» Coca-Cola cuts long-term earnings targets
Coca-Cola cuts long-term earnings targets
Coca-Cola Cuts Long-Term Earnings Targets
ATLANTA - The Coca-Cola Co. warned investors to expect slower earnings and sales growth from the world's biggest soft drink company but said it is beefing up spending on marketing its core brands and on innovation as it tries to catch up with consumer's growing thirst for alternatives to soda pop.
New chairman and chief executive Neville Isdell said Thursday a review showed Coca-Cola has "underperformed since 1997" and faulted the company for being slow to push the water, juice and other non-carbonated drinks consumers want as they become more health-conscious. He said weak results will persist into 2005 in key markets including North America, Germany and the Philippines.
"The emerging consumer trends in health and wellness were missed," Isdell told a conference of analysts and investors gathered in New York and carried over the Internet. "We stopped driving carbonated soft drinks, and we're the world leader."
It was Isdell's first such presentation since the former bottler was named CEO in May to replace the retiring Doug Daft.
The Atlanta-based company said it expects sales volume growth of 3 percent to 4 percent, down from its previous targets of 5 percent to 6 percent.
It also projects operating income growth of 6 percent to 8 percent, compared to 10 percent previously. Coke is projecting earnings per share growth in the high single-digits, which had been 11 percent to 12 percent.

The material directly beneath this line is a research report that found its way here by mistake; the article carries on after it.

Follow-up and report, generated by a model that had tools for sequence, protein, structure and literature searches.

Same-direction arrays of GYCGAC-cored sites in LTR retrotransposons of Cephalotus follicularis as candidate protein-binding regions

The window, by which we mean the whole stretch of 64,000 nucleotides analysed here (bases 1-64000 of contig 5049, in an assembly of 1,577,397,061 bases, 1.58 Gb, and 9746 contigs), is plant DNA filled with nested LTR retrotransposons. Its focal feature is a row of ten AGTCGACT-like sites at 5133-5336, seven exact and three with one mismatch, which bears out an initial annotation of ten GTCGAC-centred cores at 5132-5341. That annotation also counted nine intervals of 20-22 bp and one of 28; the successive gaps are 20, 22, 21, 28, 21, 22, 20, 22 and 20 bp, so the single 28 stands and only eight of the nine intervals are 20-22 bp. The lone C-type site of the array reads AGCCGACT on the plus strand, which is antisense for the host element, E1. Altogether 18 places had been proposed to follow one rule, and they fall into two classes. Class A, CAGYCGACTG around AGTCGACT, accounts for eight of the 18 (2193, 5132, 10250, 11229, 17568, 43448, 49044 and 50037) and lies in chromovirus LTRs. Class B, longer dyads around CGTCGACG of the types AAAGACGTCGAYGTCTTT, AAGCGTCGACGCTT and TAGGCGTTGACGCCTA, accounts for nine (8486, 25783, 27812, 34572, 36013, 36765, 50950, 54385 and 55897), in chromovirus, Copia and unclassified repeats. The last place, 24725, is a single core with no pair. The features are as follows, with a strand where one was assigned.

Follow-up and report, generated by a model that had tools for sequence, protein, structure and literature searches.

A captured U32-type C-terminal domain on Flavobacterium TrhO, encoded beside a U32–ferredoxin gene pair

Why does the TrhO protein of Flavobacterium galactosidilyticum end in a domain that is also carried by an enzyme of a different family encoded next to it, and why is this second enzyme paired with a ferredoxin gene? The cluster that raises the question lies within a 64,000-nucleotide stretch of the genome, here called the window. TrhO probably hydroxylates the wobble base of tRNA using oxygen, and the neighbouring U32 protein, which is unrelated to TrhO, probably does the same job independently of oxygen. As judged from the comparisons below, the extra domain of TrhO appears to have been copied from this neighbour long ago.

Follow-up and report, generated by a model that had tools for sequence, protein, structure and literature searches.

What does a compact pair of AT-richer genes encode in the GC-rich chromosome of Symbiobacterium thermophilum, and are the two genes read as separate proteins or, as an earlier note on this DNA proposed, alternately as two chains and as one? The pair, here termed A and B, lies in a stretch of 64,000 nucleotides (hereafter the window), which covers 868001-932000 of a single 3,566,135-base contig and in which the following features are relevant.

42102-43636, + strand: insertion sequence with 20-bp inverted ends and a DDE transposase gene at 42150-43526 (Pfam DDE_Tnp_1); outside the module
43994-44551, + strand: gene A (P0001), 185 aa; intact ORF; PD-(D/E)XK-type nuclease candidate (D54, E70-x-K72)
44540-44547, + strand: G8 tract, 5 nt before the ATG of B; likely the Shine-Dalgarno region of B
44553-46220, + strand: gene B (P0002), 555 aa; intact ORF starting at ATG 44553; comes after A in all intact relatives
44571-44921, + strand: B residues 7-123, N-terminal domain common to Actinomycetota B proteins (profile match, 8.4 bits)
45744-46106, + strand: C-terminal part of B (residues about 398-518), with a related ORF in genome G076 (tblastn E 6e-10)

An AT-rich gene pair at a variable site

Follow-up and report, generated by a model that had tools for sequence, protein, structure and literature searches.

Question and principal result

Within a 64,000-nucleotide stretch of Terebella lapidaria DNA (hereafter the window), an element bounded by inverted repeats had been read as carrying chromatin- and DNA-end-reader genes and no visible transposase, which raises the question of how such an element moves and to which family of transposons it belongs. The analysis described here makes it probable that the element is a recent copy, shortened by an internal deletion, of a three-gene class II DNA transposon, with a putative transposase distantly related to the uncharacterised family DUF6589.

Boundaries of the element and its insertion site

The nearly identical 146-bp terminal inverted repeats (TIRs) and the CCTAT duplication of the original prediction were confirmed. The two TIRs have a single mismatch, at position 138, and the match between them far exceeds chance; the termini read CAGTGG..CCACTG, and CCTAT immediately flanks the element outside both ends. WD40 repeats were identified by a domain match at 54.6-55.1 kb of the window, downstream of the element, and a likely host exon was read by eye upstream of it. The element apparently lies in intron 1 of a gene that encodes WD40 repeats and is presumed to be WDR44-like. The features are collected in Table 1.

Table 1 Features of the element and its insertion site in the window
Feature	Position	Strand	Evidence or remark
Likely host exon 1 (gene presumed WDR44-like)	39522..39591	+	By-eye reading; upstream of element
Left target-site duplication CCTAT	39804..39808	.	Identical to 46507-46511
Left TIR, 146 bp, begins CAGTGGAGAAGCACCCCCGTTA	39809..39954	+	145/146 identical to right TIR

In a two-hour speech that often sounded like a pep talk, Isdell and other executives pleaded with investors for patience in the short term in exchange for higher profits in the long term.
Isdell said 2005 "is not going to deliver the kinds of returns that are going to be acceptable to me, as a shareholder. ... But we can't save our way to prosperity, we have to grow our way to prosperity."
Coca-Cola shares, which dropped as much as $1.81 during the day, wound up down 21 cents to close at $40.96 on the New York Stock Exchange. Its shares are down 23 percent from its high last spring of $53.50.
Among the plans to boost growth: much more advertising. The company plans to spend an additional $350 million to $400 million on marketing next year, shifting its ads from local, promotional types to big-media buys that could span an entire country or continent. Clips were shown of a Christmas ad to show in Europe and North America, along with a more-subdued ad coming to the Islamic world.
"Our advertising has not been as consistently effective as it needs to be in recent years," said chief marketing officer Chuck Fruit. Since 2000, he said, there has been "too much local stuff" and "too little attention to brand-building iconic advertising."
Most of the marketing spending will be outside the United States, Isdell said. Here in North America, there could be more sponsorship deals, such as Coke's presence on the TV show "American Idol."
Isdell said young people, Hispanics and aging baby boomers are the three segments most important for growth in North America.
After talking at length about the future of non-carbonated drinks, Isdell then pledged to breathe new life into its flagship brand, the nation's best-selling carbonated soft drink.
Even as the company offers more low-calorie drinks, Isdell said Coke will be pushed more as "a decent thing, honestly made."
"Unless we have a healthy Coca-Cola we will not intellectually have a healthy Coca-Cola Co.," he said.
Besides its flagship soft drink, Coca-Cola makes Diet Coke, Sprite and Fanta as well as Dasani water, Odwalla juices and Powerade sports drinks.
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